Manolo, a young man who is torn between fulfilling the expectations of his family and following his heart, embarks on an adventure that spans three fantastic worlds where he must face his greatest fears.
Kubo lives a quiet, normal life in a small shoreside village until a spirit from the past turns his life upside down by re-igniting an age-old vendetta. This causes all sorts of havoc as gods and monsters chase Kubo who, in order to survive, must locate a magical suit of armor once worn by his late father, a legendary Samurai warrior.
In some English language markets, the narration for the commercials only ever states the name of the film as "Kubo," and never once reads out "and the Two Strings." See more »
Kubo is trying to speak to his ancestors when using the lanterns. The light is behind him, yet there is also light shinning directly into his eyes from a source in front of him. See more »
If you must blink, do it now. Pay careful attention to everything you see and hear, no matter how unusual it may seem. And please be warned: If you fidget, if you look away, if you forget any part of what I tell you - even for an instant - then our hero will surely perish.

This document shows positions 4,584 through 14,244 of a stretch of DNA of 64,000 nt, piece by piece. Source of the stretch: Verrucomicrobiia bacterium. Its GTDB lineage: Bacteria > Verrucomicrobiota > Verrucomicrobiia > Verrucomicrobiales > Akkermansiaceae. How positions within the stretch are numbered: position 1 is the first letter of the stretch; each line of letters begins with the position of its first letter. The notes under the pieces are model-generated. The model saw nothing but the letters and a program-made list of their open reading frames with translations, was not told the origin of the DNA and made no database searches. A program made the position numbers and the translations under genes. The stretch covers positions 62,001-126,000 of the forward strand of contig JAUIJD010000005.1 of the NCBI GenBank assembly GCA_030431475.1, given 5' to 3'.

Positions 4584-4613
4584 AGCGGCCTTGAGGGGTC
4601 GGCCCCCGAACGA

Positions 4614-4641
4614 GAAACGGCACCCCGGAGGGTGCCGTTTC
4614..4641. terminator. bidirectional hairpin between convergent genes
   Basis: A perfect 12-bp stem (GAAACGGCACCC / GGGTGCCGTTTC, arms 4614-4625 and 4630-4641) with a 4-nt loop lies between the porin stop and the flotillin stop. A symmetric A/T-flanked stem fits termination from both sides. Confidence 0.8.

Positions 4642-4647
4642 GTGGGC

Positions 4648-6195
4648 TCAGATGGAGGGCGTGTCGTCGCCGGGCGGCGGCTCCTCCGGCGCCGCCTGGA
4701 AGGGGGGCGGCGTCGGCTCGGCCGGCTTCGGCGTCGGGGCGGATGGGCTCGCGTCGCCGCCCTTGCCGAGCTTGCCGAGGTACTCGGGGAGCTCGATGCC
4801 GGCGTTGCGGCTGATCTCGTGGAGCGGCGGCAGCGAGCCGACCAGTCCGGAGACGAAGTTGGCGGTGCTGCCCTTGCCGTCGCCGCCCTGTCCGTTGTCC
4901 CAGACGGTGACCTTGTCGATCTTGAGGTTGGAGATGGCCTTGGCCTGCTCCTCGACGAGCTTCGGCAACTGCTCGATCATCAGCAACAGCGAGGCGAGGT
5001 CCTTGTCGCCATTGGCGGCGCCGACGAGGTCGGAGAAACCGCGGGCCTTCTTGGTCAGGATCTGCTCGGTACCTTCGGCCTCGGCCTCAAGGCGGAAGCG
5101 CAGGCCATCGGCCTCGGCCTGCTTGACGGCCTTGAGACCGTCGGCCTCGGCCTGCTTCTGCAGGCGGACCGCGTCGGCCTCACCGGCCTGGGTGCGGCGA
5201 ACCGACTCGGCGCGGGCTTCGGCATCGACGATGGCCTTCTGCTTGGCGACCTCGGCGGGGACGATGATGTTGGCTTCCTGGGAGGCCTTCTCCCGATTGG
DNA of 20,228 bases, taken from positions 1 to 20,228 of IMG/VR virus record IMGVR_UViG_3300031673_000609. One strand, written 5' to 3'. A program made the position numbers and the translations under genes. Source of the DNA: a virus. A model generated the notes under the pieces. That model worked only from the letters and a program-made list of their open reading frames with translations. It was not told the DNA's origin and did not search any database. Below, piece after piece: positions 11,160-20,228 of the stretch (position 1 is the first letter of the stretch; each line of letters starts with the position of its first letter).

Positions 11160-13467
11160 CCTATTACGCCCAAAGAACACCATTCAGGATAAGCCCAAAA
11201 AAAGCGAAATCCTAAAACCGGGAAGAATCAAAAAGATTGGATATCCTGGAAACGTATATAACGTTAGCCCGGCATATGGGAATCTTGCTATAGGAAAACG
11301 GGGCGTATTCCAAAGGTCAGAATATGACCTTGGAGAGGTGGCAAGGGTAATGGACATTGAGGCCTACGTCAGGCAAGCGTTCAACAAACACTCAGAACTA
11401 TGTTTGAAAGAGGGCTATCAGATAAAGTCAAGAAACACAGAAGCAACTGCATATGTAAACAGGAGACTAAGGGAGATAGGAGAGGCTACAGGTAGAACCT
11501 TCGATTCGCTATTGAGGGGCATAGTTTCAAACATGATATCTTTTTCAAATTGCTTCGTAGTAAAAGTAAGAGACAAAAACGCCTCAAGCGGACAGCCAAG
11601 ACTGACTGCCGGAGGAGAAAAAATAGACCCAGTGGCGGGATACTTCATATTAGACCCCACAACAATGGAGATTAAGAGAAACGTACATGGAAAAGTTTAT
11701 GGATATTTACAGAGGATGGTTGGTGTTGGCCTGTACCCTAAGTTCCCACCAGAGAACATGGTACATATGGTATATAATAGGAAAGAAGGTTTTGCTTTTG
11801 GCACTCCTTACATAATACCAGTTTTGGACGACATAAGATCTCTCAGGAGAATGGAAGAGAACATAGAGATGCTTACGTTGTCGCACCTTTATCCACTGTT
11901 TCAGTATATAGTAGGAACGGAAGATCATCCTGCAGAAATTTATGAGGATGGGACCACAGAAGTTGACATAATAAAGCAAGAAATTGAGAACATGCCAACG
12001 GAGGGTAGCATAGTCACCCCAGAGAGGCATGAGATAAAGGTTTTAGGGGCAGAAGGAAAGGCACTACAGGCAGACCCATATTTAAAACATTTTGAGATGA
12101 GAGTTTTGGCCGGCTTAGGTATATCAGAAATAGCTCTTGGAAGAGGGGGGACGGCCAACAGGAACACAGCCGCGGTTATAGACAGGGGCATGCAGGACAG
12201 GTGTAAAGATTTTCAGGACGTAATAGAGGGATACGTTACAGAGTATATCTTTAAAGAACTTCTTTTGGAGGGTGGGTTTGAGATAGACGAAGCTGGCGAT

His name is Kubo. His grandfather stole something from him. And that really is the least of it.
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At the end of the closing credits, the Laika production logo displays tributes to its previous films:
Kubo was the first fully Claymation film I have scene, and it was fantastic to see. I am a huge fan of the art style and want so much more of it. The story was charming, and even exceptionally enthralling for the first half of the film, but slows to a halt during Act III, crippling its momentum. The art style alone makes this movie worth watching, and I will see anything that took this much work and artistic talent on the big screen in coming years.
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